The Who2 Blog

Mount Rushmore 2.0: Reagan or JFK?

A reader’s photo submission has got us thinking about Mount Rushmore. Mr. A. Alexander Stella of Pennsylvania writes:

JFK… Mount Rushmore… ’bout Time, Don’cha?!

[Enclosed is] my rather rough suggestion for how the likeness of President John Fitzgerald Kennedy should be chiseled on Mount Rushmore.

Here’s that “rather rough” image:

Mr. Stella continues: 

The executive board in charge of the Reagan Library is rumored to be planning a massive campaign that involves Mount Rushmore. Maybe it’ll coincide with the upcoming presidential election. If all that should come to pass, what a coincidence that would be!

Well, yes and no. Congress already discussed adding Ronald Reagan to Mount Rushmore in 1999 and rejected the idea. In fact, GOP candidate Michele Bachmann just brought it up again the other day.

‘Reagan on Mount Rushmore’ t-shirts are still available online:

It would be a thrill to see a stoneworker chisel out the perfectly-sculpted hair of either Reagan or Kennedy, of course. (In Reagan’s case, it might be fun to darken his hair and then insist that it was perfectly natural Black Hills granite.)

But both the Reagan and JFK camps are missing the point. Activists always want to crowd one face in on the left or right end of the monument.  In truth, Gutzon Borglum left plenty of room for MANY new presidents. They just need to go in a second row.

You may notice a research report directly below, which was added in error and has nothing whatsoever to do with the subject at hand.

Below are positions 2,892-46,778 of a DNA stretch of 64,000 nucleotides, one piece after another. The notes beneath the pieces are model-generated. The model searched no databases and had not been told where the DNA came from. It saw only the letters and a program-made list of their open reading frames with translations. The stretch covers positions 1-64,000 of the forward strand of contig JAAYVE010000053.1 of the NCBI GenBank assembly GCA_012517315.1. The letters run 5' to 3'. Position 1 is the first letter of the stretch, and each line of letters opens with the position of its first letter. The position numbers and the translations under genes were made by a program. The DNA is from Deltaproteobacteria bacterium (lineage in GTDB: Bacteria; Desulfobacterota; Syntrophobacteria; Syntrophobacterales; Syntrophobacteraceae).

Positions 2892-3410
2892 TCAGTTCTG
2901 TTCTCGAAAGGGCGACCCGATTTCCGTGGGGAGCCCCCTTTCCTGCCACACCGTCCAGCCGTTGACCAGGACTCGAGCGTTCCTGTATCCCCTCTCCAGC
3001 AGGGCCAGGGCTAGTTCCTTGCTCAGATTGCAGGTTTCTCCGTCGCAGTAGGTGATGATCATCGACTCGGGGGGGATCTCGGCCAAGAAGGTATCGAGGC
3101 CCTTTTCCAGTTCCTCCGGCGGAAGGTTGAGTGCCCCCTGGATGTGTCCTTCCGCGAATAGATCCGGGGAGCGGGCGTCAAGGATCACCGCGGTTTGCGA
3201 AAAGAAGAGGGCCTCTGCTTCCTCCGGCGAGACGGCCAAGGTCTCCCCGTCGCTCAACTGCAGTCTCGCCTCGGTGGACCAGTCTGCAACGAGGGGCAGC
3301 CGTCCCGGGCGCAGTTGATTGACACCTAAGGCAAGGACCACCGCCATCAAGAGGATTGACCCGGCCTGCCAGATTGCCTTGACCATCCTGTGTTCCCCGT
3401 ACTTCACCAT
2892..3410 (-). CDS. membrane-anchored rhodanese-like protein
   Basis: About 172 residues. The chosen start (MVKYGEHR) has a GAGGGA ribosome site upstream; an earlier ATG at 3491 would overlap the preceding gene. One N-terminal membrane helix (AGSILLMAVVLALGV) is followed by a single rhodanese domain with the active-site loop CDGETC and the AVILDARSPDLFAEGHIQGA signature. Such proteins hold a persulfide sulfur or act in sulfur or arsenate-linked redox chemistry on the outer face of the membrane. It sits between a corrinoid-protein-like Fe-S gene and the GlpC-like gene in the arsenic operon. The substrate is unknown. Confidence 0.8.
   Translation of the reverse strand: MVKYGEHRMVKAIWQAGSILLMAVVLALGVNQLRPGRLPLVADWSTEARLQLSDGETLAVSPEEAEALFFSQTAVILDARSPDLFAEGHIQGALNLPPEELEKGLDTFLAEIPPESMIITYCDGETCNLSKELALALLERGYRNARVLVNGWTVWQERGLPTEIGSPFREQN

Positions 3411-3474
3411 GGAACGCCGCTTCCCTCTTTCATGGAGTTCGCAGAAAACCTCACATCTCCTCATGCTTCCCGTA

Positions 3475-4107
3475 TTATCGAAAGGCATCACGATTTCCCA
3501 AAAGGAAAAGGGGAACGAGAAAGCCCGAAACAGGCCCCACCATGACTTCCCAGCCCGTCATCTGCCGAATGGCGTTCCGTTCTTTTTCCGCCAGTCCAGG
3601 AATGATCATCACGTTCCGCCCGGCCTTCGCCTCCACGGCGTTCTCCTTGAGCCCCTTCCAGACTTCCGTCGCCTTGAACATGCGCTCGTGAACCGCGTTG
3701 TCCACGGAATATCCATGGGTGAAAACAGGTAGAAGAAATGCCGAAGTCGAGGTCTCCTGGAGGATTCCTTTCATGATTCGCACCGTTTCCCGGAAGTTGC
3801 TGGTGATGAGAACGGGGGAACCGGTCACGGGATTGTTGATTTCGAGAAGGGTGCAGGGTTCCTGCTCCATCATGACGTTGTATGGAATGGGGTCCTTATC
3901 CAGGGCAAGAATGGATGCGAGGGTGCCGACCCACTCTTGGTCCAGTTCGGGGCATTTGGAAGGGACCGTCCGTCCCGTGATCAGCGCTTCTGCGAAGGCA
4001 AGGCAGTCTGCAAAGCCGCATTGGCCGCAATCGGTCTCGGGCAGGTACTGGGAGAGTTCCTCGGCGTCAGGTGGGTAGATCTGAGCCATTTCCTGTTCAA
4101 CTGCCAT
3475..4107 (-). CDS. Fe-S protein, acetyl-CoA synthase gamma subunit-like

In the spirit of bipartisanship artistry, I bring you: The Rushmore Ten.

Problem solved! The Rushmore Ten gives us room for Reagan and Kennedy, plus four more of our own choosing. I’ve selected:

  • John Quincy Adams (famous name, and his 17 years as a U.S. Representative should grease the skids with Congress)
  • Ulysses S. Grant (Civil War hero, two-termer, we need a second beard to balance Lincoln)
  • Gerald Ford (because his head just looks like it should be chiseled in rock)
  • Harry Truman (Democratic balance to the Republican Ford, plus everyone loves him)

That’s a nice fit: five 20th-century presidents, four 19th-century, and George Washington from the 18th century. You may have your own choices. The actual selections will fall to Congress, and I can’t imagine they’ll have any trouble agreeing on the final four.

The point is, this is a chisel-ready project that everyone can get behind. It would really bring the country together. And talk about creating jobs! The environmental impact statement alone should add 100,000 new positions to the economy.  

Thanks to Mr. Stella for a literally groundbreaking idea. Here’s where to write your Congressman in support of The Rushmore Ten.

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